The week of Monday, January 16 is the holiday dedicated to King and it will have particular meaning: King’s legacy will be celebrated on the first day of the last week of our first African-American president’s term in office. Let’s mark our calendars to come out as everything we are, and be out those ways that day and after. Let’s celebrate both of their legacies, and our progress as a generation and a nation, with our President Obama, how far we must go and smile at least just a little about these journeys and fights. Look out for your own mentees and whether you can be one to supply some of the support they want, or need.

Charlie Spiegel, Esq., is an attorney who lives in San Francisco. For more information, visit www.charlesspiegellaw.com.

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Facebook Page of Charles Spiegal, Attorney and Mediator

Follow Charles Spiegal on Facebook

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Community Boards

Community Boards operates the oldest public conflict resolution center in the United States. We have an excellent reputation for supplying high-quality programs in the community for forty years.

ADVISORY COUNCIL
Tracy Lemmon, Chair | Terry Amsler | Bob Bailey | Kathleen Coogan | Jon Eldan | Bill Hafferty | Fred Lambright | Joseph Ragazzo | Gail Sadalla | Julia Salinas | Elizabeth Shwiff | Teri Sklar | Charles Spiegel | Marion Standish | Michael Tobriner

http://communityboards.org/about/who-we-are/

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LGBT Legal Community Contacts

The BASF Equality Committee’s subcommittee on Lesbian, Gay, Bisexual, and Transgender Issues, Bay Area Lawyers for Individual Freedom (BALIF) and the National Association of Law Placements (NALP) Committee on Gay/Lesbian/Bi Issues have compiled a list of lesbian, gay, bisexual and transgender (LGBT)-sensitive contacts at legal employers throughout the Bay Area.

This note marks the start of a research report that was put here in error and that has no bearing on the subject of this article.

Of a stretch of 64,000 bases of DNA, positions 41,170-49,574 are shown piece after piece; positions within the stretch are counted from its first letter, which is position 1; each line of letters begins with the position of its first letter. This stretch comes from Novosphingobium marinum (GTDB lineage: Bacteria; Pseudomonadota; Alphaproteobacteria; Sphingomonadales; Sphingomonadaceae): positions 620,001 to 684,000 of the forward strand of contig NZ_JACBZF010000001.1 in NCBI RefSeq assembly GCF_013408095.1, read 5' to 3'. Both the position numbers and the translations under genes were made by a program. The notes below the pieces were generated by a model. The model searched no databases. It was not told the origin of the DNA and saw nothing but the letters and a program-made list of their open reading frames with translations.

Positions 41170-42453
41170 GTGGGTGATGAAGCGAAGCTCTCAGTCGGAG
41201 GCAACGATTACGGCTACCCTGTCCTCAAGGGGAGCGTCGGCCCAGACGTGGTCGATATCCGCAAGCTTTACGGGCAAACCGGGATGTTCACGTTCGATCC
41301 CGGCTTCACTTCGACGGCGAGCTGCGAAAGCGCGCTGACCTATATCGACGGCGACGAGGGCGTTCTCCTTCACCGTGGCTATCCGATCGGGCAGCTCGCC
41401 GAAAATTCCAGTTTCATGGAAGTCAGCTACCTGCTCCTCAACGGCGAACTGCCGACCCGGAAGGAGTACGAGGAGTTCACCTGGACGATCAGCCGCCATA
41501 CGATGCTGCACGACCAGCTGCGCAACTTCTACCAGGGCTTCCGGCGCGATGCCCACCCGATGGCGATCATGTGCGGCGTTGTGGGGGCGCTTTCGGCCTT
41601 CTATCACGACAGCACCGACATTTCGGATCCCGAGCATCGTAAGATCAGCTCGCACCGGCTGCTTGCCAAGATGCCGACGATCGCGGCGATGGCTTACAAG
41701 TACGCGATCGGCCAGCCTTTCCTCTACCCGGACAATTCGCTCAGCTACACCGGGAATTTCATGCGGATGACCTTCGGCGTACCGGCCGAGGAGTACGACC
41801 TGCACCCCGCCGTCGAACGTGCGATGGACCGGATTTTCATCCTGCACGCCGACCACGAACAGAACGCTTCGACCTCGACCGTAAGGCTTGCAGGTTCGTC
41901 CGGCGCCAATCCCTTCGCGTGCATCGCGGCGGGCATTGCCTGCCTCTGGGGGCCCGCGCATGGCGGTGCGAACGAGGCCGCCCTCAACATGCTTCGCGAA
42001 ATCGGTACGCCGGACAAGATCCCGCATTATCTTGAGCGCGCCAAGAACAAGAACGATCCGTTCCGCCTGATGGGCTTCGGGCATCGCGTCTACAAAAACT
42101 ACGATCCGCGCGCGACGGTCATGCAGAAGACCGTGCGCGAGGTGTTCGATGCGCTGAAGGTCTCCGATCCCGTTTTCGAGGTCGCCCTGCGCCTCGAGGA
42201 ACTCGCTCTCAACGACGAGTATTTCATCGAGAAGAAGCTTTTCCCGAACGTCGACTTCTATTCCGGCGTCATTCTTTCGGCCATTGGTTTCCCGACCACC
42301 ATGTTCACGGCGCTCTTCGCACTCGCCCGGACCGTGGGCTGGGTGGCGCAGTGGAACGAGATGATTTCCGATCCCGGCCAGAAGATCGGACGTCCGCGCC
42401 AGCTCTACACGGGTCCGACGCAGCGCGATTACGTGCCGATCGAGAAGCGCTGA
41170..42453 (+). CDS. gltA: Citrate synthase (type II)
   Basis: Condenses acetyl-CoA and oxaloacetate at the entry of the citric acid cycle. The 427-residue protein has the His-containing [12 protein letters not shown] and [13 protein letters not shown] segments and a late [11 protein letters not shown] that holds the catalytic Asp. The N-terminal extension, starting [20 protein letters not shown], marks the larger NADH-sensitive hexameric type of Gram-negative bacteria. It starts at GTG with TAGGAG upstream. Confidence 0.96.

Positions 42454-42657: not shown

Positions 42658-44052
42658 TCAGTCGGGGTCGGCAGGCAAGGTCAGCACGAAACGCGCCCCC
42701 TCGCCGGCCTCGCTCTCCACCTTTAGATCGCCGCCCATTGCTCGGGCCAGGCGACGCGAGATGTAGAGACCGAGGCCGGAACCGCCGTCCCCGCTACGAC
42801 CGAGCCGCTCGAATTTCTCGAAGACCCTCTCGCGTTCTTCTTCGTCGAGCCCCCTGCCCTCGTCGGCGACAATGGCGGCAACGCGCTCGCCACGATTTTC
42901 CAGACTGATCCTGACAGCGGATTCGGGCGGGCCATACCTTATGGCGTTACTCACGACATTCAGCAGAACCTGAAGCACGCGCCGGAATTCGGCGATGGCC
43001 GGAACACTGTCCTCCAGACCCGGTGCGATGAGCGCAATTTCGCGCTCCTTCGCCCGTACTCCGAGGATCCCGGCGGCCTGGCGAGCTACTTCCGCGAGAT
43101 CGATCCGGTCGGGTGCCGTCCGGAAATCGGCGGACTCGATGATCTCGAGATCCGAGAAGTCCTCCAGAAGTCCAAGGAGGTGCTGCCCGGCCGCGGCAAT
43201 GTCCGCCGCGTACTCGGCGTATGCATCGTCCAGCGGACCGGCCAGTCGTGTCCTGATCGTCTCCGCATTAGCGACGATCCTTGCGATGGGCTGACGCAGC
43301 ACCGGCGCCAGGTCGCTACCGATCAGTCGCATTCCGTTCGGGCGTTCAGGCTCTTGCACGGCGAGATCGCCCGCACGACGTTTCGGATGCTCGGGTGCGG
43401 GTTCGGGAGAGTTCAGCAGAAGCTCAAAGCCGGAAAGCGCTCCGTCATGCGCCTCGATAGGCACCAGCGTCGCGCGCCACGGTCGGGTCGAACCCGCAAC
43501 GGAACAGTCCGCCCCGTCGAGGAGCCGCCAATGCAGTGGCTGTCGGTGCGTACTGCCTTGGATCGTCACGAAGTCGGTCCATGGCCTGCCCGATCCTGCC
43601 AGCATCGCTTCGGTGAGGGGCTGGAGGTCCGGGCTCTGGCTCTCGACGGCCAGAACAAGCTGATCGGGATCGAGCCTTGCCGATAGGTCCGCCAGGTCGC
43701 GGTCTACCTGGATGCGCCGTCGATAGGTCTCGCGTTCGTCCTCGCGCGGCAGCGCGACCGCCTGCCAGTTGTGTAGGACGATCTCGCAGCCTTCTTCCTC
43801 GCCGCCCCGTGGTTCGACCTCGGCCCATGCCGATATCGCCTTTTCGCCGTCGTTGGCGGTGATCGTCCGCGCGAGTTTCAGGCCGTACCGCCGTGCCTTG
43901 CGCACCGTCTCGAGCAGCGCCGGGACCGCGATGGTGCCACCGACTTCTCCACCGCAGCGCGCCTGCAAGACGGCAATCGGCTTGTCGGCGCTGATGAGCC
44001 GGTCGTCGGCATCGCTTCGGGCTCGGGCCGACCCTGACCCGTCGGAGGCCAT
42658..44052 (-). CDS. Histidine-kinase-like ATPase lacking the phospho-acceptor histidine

View all LGBT contact at the SF Bar Association website.

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San Francisco Waldorf School’s Professional Directory

Spiegel, Charles (Alumni Parent)

Charles Spiegel Law
842 Elizabeth Street, Suite #1
San Francisco, CA 94114
Phone: (415) 644-4555
charlesspiegellaw@gmail.com
www.charlesspiegellaw.com

Family Law and Real Estate Attorney and Mediator

Friendly Family Law Attorney, Mediator and Collaborative Practitioner. Working in the following areas: Real Estate, Custody and Divorce, Adoption and Surrogacy, Pre and Post Nuptial Planning and Agreements with Straight and Gay Couples, Domestic Partner Registrations and LGBT Rights

See Waldorf’s full directory.

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Enormous election loss

We need not to lose track that margins of victory were razor thin in the presidential race (20,000 votes in Wisconsin, 70,000 votes in Pennsylvania) and that Hillary Clinton won the popular vote nationwide. That means that more than half those who voted nationally believe what we believe.

Third party candidates got 10 times the winner’s margin in Wisconsin and three times the margin in Pennsylvania. All that in an election manipulated by WikiLeaks and Russia to get the more destabilized USA they wanted. And the FBI director’s effect? And amid the right wing’s active voter suppression efforts in states nationwide.

The margins are large only compared to how we wanted the country to reject Donald Trump. We lost and a loss is enormous, but the rejection is only large compared to what we wanted to think we knew about our politics. Let’s be careful that we don’t message and overblow the thought that we and liberal values are being rejected by large margins of citizens. Not true.

Do join me in wearing black ribbon armbands to show our solidarity and embarrassment, particularly to the undocumented. Time to go to Cliff’s.

Charlie Spiegel, Esq.
Former Co-Chair National Board of Directors
Lambda Legal Defense and Education Fund
San Francisco

From the Letters to the Editor at The Bay Area Reporter